US 10-year yields have traded in a 2.82-2.86% range, fairly tight in the context of recent market volatility.
There has been some curve flattening, with the 2-year rate up 2 bps to 2.10% and the 10-year rate down nearly 2 bps to 2.84%.
The Fed’s Mester, a voter this year and known hawk, said that the recent stock market turmoil hadn’t affected her economic outlook. She guided towards a path of three more rate hikes this year and next year, a similar pace to last year. In talking about the risks to the US economy she noted that “I think that there’s more salient upside risks to the forecast than we’ve seen in quite a while”.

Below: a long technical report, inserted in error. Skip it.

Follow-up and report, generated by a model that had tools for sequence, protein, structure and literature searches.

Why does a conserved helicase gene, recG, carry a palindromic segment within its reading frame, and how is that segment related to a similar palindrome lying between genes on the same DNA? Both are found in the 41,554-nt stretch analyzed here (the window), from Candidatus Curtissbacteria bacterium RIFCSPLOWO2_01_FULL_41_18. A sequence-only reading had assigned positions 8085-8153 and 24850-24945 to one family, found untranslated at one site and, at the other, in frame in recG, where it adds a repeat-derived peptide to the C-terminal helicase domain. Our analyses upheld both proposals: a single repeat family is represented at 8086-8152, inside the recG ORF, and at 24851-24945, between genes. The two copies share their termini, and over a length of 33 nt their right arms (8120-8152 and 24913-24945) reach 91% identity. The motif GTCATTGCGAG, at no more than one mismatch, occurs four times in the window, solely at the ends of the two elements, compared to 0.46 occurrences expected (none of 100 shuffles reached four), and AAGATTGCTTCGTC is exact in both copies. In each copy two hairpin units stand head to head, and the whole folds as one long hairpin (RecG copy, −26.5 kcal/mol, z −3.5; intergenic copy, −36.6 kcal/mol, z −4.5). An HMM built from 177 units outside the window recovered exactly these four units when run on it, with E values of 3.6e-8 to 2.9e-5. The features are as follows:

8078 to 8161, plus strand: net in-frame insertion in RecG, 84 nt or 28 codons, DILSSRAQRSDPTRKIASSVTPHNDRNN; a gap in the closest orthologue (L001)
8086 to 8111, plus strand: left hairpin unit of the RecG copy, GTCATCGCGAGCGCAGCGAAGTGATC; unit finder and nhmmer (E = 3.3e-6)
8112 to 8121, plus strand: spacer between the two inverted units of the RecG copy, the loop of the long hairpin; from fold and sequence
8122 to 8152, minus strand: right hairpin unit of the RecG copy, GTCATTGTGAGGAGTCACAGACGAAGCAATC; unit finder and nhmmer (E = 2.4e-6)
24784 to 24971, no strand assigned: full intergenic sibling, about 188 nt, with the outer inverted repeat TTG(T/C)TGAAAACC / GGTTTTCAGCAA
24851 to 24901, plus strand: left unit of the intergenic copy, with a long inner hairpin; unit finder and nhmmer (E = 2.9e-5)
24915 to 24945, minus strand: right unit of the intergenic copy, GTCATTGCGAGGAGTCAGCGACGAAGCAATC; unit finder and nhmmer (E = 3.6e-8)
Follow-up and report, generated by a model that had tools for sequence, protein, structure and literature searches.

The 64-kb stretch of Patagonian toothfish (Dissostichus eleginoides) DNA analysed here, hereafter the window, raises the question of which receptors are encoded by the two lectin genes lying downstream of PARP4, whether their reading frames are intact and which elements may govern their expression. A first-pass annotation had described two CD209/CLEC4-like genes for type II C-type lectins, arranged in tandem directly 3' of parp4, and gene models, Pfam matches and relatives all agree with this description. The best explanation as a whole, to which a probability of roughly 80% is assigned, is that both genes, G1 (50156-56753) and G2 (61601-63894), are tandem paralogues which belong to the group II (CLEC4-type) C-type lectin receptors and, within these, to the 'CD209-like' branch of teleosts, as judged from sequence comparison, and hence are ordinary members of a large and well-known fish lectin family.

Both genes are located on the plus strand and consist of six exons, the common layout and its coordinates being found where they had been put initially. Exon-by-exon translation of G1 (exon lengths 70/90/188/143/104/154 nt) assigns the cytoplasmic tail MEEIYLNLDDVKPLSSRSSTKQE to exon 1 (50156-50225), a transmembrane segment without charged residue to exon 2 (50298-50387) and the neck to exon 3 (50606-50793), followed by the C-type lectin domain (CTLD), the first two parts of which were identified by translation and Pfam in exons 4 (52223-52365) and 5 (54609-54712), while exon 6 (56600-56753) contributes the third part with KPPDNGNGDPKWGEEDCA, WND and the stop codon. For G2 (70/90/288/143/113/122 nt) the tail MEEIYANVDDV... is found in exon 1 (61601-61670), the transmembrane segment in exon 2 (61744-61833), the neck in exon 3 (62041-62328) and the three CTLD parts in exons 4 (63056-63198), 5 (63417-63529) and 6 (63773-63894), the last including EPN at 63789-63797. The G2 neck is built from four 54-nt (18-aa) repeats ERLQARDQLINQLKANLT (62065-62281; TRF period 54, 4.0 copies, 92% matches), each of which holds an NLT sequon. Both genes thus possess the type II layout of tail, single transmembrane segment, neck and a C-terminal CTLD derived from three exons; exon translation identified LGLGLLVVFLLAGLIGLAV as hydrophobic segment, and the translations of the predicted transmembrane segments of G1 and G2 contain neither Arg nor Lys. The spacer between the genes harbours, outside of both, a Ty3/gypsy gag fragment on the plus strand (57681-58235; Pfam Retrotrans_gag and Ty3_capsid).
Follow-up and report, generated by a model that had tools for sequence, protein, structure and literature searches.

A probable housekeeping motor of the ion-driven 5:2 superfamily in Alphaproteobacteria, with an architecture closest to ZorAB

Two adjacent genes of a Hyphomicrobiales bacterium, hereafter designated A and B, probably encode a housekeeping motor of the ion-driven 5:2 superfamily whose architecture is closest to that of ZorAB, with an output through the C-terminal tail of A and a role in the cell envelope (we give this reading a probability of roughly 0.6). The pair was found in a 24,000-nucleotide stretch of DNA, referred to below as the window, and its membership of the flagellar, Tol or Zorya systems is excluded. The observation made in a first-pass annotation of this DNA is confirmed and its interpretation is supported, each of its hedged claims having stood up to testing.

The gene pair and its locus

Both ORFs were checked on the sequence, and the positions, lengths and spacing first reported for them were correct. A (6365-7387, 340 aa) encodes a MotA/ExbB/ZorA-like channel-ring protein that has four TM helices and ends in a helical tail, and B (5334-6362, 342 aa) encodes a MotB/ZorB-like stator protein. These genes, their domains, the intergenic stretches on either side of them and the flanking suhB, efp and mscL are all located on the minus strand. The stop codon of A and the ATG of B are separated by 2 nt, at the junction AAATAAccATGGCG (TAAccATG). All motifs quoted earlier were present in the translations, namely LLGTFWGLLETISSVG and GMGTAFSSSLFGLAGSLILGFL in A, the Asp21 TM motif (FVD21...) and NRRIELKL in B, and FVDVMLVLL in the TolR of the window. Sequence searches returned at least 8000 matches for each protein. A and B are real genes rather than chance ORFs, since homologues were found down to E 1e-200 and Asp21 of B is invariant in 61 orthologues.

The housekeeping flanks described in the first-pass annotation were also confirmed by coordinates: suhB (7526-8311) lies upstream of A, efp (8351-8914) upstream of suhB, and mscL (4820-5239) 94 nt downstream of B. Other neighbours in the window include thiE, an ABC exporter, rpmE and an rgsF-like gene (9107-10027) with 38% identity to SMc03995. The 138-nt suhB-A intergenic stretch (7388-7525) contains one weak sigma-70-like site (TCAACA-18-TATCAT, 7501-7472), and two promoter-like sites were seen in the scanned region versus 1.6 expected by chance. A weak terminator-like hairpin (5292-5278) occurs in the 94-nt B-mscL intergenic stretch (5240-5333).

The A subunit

New Fed Chairman Powell played with a straight bat at his swearing-in ceremony indicating that the Fed had made “great progress” in moving towards its dual mandate and that the Fed will “remain alert to any developing risks to financial stability”.
In an uneventful session, NZ rates were down 1-2bps across the curve.
There are a number of top-tier economic releases ahead, including GDP for Japan, Germany and the Euro-area. The key release though is the US core CPI. The market expects a 0.2% m/m increase for January, lowering the annual change slightly to 1.7% y/y.
Given the market’s growing anxiety about the prospect for higher US wage and price inflation, the release will probably generate a significant market reaction if it is different from the consensus. Another positive surprise of 0.3% m/m for the month for the core measure could send bond yields higher and equity markets (and the NZD) lower.
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BNZ Markets research is available here.